Woccu programme helps credit unions disburse $41m in loans to SMEs

The average loan ranged from $11,000 in Kenya to over $102,000 in Guatemala

An SME Lending Toolkit pilot programme led by the World Council of Credit Unions (Woccu) has led to the distribution of 1,767 loans worth US$41m to small and medium enterprises (SMEs) in four countries.

The Technology and Innovation for Financial Inclusion (TIFI) Project is funded by the United States Agency for International Development (Usaid) and it involves five credit union associations, 23 individual credit unions and one credit union service organisation in Kenya, Burkina Faso, Senegal and Guatemala.

Woccu collaborated with credit unions to develop an SME Lending Toolkit, a set of tested tools and templates designed to prepare credit unions to sustainably serve SMEs. The toolkits were tailored to each country, taking into consideration credit union maturity, SME experience, and local market conditions.

“Many of these credit unions had experimented with SME finance in the past,” said Eileen Miamidian, Woccu’s technical director of inclusive financial services, “but the high portfolio risk drove them to reduce or stop that lending altogether.

“The SME Lending Toolkit took a holistic approach by supporting credit unions to leverage the strengths of the co-operative model while adjusting their strategies, staff capacity and operations to the needs of SMEs. It has allowed them to increase their SME portfolios and better manage their risk.”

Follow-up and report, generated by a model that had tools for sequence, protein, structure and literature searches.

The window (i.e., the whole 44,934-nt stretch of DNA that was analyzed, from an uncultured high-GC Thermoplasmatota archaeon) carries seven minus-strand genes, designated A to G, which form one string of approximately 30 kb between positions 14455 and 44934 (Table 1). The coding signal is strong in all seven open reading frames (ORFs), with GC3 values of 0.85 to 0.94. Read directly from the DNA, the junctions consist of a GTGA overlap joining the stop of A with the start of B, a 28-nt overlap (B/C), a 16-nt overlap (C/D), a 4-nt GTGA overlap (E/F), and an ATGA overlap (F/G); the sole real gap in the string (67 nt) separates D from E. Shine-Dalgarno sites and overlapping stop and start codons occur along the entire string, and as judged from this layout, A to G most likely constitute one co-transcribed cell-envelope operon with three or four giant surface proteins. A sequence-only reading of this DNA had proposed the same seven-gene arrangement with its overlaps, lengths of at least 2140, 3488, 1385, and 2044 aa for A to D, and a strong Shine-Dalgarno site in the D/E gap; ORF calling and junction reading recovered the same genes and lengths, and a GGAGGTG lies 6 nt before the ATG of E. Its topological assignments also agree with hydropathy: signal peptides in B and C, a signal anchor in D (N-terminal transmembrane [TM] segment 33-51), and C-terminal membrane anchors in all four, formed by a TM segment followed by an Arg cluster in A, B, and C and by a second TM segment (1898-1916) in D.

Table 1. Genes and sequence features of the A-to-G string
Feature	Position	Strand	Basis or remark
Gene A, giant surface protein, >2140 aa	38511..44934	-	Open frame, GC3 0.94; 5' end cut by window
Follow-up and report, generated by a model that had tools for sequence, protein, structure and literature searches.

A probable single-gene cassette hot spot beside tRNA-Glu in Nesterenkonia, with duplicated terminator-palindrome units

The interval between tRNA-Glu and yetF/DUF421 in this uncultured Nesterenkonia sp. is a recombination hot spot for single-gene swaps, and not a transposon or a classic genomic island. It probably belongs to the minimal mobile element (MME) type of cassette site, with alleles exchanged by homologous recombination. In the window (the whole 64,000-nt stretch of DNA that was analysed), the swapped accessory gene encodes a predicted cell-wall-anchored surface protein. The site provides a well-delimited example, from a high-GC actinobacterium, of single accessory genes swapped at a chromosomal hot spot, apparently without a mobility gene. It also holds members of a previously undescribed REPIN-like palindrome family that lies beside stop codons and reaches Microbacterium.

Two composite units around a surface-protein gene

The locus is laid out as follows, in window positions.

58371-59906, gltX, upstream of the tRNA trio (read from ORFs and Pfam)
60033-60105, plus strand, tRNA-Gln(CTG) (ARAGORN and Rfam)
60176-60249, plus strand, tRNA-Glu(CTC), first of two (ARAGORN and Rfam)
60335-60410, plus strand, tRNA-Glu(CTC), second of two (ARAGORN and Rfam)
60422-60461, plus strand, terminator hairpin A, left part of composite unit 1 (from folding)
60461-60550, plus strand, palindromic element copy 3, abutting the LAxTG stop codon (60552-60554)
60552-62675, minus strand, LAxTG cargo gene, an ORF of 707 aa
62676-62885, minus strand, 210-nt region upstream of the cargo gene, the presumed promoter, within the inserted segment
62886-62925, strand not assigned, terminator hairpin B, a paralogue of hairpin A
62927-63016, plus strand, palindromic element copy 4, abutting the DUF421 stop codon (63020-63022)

Woccu says the average loan ranged from $11,000 in Kenya to over $102,000 in Guatemala, with a 1.53% portfolio at risk.

The programme’s implementation generates some important lessons, says Woccu. One of the main takeaways is that credit unions can play an important role in financing SMEs. Furthermore, Woccu argues that credit unions’ market presence and large member base give them an edge in identifying and serving SMEs in need of finance. 

However, the apex warns that many credit unions require a change of mindset to make the adjustments needed to offer market-responsive SME products while managing risk. According to Woccu, comprehensive capacity building can enable the board of directors and senior management to lead this change. Credit unions also need to boost digitalisation and innovation to meet the financial needs of SMEs, it adds.

Woccu plans to continue the work of the TIFI Project as well as expand on it through another five-year USAID-funded project targeting the same four countries.